Architects: Atelier PUUUR
Location: Kruislaan, Amsterdam, The Netherlands
Architect In Charge: Furkan Köse
Landscape: Karres & Brands Landschapsarchitecten
Area: 190 sqm
Photographs: Furkan Köse, Teo Krijgsman
On The New Eastern Cemetery this year the first Islamic funeral building in the Netherlands is realized with full facilities allowing a dignified farewell and buriying. The new Islamic cemetery next to it is also the largest, general Islamic burial place in the Netherlands, with space for about 1400 graves. The building was designed by the Amsterdam architecture firm Atelier PUUUR.
The new Islamic cemetery located in the southwest corner of the New Eastern Cemetery, with the new, second entrance on the Rozenburglaan. The pavilion that facilitates to a number of functions for Islamic burial rituals.
From the beginning of the project Muslim organizations of diverse ethnicities were involved in the development. Notably they all are united for the first time, in the Platform Islamic Burial Amsterdam (PIBA), where Turkish, Moroccan, Surinamese, Indonesian and Pakistani Muslims are represented.
With the construction of this place for Dutch and Amsterdam Muslims with a private funeral building, which meets the required facilities for the Islamic burial rites, a marker is formed for the integration of the Muslim community. The advent of this place is an essential contribution to the city and the Muslim community in Amsterdam. The model of the building has recently been included in the collection of the Amsterdam [History] Museum.
Principles for the design are the axes in the park and the orientation to Mecca. These two directions provide angular contortion which is visible in the facades. The triangular spaces formed by this act as an intermediary between inside and outside. The spatial relationship between the park, the outdoor spaces and the interior is essential. The transitions between them are kept in a gradual manner, by the introduction of the semi-enclosed outdoor spaces there are no hard boundaries between interior and exterior spaces.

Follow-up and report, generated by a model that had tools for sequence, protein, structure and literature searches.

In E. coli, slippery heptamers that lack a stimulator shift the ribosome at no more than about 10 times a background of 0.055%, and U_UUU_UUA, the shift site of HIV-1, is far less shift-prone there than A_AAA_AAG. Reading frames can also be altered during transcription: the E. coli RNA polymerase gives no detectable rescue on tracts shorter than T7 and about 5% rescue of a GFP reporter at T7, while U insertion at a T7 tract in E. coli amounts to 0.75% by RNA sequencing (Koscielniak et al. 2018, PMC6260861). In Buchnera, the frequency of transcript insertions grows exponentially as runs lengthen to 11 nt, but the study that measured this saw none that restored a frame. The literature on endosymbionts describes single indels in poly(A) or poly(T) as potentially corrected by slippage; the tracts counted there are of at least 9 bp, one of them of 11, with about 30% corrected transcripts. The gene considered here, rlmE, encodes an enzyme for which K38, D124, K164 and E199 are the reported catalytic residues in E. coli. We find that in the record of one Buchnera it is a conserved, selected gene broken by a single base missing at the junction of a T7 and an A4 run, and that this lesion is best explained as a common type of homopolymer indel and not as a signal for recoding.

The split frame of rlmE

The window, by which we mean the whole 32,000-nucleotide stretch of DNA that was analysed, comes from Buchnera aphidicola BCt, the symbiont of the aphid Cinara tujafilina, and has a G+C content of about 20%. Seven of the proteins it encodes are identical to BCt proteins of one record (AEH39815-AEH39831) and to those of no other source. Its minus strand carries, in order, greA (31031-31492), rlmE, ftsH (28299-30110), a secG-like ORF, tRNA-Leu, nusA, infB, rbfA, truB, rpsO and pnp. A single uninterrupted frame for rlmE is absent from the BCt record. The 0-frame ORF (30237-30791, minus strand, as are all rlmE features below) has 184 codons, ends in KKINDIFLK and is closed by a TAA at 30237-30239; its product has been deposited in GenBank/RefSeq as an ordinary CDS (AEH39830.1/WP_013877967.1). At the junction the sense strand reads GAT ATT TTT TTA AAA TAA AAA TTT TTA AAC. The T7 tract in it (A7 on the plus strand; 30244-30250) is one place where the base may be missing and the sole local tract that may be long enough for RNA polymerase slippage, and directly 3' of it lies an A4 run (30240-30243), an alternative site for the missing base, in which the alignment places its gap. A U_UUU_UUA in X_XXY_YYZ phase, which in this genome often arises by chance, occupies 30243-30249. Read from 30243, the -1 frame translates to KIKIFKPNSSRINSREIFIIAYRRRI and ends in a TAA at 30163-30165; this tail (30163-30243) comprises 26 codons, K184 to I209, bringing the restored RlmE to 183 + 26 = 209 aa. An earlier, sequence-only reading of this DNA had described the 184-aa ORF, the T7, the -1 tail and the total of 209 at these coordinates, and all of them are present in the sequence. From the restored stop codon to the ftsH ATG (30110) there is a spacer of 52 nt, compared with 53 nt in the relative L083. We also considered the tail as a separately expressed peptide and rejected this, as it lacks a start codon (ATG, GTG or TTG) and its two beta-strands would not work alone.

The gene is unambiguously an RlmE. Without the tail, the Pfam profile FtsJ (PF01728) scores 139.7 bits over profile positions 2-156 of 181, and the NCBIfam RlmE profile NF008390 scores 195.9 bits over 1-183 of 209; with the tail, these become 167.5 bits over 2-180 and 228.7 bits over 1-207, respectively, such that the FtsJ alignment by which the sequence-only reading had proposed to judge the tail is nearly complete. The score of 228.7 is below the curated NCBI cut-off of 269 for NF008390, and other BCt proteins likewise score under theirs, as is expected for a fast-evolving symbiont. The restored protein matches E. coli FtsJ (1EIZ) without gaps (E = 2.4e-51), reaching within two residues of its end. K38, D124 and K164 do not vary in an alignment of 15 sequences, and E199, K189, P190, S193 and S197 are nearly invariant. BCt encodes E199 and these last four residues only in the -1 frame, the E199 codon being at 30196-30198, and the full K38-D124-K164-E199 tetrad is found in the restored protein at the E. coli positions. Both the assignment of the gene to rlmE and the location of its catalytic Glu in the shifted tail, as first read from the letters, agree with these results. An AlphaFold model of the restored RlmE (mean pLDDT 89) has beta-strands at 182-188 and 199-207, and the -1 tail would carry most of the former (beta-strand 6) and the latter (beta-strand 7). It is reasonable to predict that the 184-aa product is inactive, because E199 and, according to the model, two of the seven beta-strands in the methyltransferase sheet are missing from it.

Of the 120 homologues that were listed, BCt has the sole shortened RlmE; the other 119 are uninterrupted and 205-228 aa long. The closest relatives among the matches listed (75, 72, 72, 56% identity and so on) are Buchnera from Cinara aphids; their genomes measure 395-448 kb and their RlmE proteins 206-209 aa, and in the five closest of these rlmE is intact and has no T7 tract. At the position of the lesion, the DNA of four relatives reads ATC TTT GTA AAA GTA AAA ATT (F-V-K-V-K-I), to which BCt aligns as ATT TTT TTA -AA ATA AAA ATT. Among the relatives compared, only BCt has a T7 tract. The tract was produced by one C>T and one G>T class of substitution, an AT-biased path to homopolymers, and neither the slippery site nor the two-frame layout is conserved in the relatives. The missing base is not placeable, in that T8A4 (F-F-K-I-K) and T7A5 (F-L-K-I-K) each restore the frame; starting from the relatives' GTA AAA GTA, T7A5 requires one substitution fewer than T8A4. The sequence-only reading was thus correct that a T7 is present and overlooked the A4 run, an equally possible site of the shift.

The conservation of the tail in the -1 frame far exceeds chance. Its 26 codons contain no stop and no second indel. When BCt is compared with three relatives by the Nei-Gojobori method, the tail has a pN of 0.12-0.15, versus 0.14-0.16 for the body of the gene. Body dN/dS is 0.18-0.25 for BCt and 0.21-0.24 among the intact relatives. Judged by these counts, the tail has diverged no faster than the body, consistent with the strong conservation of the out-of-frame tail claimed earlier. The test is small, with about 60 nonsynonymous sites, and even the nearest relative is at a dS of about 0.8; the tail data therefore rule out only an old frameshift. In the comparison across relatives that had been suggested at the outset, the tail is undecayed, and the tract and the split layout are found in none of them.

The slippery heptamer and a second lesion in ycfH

The Mecca-orientation is used to give the pavilion a special, spatial perception. The pavilion has a closed character that ensures the desired intimacy. On the square side, the front folds inward and invites to enter the building. On the other hand, the rear facade opens entirely at the cemetery garden through large windows and doors.
The central prayer hall overlooking the long, horizontal axis in the cemetery garden. This space can also be used in addition to the prayer, for personal homage by family and friends, which may be incorporated from the Dutch funeral traditions. The patio adjacent to the body washing space, is a reference to the paradise garden and forms a vertically oriented, tranquil location in the building. The horizontal view of the cemetery garden is juxtaposed with the vertical view of the sky – referring to the earthly opposite the heavenly. The large olive tree, which is named in the Quran, is a symbol of peace, love, faith, strength, victory and positive vision for the future.
Natural light is a conscious part of the design. Like the main hall with diffuse skylights allowing the heart of the building being lit in a soft way. In the patios both at the main entrance and patio garden, the sunlight enters through the holes in the roof inside and ensures that these spaces are always lit. Hereby the visitors entering the building always walk towards the light.
The Turkish travertine facades are sandwiched between white precast concrete facade elements. The pavilion is slightly lifted from the ground, making the building look lighter and floating.
Already in the design phase of the building, a wall mosaic of ceramics is developed for the front façade, in collaboration with fine art artist Rem Posthuma. This kind of close and early cooperation is particularly, hereby the work of art is well integrated into the facade and is a reference to the Islamic ornamentation. The infinitely continuous patterns are a reference to the infinity of the soul, since Islam is based on a general resurrection of mankind on the Day of Judgement.
Placed next to the entrance this forms the point of recognition and invites being viewed and explored from a distance and up close. The cemetery garden was designed by Karres en Brands Landscape Architects. The long axis in the middle of the garden pionts in the direction of Mecca, and integrates seamlessly into the interior – the main hall – the building.